Straight from the Heart

Patients of HSH-affiliated cardiologists get fast stress test results with HOPD

Doc Holding Scope

When dealing with matters of the heart, Humble Surgical Hospital encourages early intervention for optimal cardiac health.

HSH recently established a hospital outpatient department (HOPD) that offers a wide array of services — including stress tests to monitor changes or irregularities in the heart’s electrical activity.

“We want to make sure we catch patients before they have a heart attack,” says Debbie Cormier, chief nursing / administrative officer at Humble Surgical Hospital. “We look for shortness of breath, reduced heart rate and general feelings of being unwell.”

The process is fairly straightforward. After completing a medical evaluation, the cardiologist will then perform an exercise stress test to examine vital signs including heart rate and blood pressure.

“Patients will start walking on the treadmill and we see how they handle that,” she says. “If they can’t get their heart rate up on the treadmill, the physician will do a medication test.”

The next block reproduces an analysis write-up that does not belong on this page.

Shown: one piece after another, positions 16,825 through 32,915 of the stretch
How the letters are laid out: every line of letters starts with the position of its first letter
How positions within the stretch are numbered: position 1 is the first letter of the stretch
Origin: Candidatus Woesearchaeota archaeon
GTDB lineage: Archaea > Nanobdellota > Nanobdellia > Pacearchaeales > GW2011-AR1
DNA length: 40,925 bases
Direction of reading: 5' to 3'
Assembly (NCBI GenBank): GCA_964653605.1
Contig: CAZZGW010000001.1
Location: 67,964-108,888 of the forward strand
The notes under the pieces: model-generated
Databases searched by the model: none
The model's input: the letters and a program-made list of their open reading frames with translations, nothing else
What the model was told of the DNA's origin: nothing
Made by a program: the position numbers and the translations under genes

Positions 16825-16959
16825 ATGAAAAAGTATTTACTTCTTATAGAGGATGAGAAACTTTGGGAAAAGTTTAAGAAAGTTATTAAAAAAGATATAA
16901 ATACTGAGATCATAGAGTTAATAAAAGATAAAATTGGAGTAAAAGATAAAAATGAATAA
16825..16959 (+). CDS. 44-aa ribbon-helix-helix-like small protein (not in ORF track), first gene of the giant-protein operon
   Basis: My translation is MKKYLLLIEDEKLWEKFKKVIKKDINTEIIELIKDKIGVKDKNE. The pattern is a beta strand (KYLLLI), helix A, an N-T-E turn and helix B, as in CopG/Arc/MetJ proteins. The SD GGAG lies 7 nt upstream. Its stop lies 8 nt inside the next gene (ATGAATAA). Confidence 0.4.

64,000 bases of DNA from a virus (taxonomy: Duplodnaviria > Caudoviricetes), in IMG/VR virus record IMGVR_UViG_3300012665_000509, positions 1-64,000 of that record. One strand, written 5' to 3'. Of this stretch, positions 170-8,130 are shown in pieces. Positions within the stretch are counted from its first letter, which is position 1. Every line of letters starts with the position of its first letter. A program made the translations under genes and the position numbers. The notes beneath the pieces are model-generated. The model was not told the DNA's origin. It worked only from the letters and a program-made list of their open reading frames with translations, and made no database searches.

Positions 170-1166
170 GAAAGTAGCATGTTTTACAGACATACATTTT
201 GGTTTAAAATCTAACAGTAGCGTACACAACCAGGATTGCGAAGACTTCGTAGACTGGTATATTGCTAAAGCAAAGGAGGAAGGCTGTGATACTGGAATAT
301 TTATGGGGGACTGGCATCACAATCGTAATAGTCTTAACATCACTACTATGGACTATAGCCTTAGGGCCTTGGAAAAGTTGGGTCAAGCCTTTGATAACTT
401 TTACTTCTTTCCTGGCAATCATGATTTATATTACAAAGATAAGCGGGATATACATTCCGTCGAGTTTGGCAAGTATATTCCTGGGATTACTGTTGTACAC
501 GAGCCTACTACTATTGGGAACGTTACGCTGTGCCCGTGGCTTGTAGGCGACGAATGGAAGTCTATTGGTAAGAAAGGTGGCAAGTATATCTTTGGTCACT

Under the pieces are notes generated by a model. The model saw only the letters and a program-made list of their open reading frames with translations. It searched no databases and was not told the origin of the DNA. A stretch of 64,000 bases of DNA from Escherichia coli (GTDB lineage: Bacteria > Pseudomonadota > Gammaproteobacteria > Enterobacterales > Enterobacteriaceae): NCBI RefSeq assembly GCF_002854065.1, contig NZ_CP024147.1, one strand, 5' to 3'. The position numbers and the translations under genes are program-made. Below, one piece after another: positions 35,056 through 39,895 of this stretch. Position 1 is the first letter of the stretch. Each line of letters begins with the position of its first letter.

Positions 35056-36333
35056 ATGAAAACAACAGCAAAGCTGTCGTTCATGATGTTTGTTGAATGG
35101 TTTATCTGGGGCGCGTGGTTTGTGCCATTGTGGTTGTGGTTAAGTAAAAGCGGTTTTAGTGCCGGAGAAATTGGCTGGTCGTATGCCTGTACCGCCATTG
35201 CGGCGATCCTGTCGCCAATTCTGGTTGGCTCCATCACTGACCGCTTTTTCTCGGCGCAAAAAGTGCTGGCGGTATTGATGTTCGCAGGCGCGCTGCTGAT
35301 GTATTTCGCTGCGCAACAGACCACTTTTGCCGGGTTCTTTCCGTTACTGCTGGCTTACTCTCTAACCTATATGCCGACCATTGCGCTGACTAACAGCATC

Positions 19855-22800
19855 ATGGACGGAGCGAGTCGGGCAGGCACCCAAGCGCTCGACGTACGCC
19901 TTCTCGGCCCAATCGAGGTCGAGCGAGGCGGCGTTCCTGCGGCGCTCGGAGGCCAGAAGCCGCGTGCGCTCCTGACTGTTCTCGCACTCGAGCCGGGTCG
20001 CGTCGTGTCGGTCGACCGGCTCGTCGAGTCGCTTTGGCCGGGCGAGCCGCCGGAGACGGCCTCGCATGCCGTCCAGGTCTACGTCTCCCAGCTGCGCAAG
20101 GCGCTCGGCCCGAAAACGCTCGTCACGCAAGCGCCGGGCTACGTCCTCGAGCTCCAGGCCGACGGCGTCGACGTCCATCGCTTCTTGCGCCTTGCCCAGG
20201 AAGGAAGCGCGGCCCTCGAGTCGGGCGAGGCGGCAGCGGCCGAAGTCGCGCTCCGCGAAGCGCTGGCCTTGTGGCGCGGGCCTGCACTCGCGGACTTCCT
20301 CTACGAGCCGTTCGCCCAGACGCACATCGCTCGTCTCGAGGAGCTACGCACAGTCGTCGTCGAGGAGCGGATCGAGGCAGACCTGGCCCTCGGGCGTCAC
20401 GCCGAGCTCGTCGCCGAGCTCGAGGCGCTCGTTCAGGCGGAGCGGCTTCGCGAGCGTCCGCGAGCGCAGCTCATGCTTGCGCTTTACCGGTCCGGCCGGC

Many hospitals and medical centers have opened an HOPD to improve care coordination and provide more advanced services in a convenient location. What separates HSH’s department from others is the level of expertise involved.

“Most other places use an ER doctor or primary care physician, but we do ours with a board-certified cardiologist,” she says. “Working hand in hand with Dr. Barry Willens and his practice, our cardiologist Dr. Shakeel Uddin, performs the stress tests and knows all the signs to watch for.”

FILLING A MAJOR NEED
HSH helps patients throughout the entire process of getting a stress test, contacting insurance companies and scheduling follow-up treatment when necessary. Cormier says the average stress test only takes about two hours — but that short amount of time can
be precious.

“If you average 10 people per day doing a stress test, you’ll only get one to two patients who need an intervention, but for those people it can be a matter of life or death,” she says.
Cormier recalls the story of a patient who recently came to the HOPD for a stress test. He left with an appointment to return the next week for a heart cath.

“It was a lot worse than we even thought at first,” she says. “This person had a 98 percent blockage all over. Had this person not come in, the ultimate outcome could have been death and just in a matter of days.”

The most important principle behind these stress tests is greater knowledge. Patients can feel more empowered when they know exactly what is happening with their heart health and how it will affect them.
“If you’re getting sluggish for no reason, you need to get into your primary care physician’s office and get checked,” she says. “You want to be as safe as possible. We need to be more proactive with our heart, just like we are with our other regular wellness checkups.”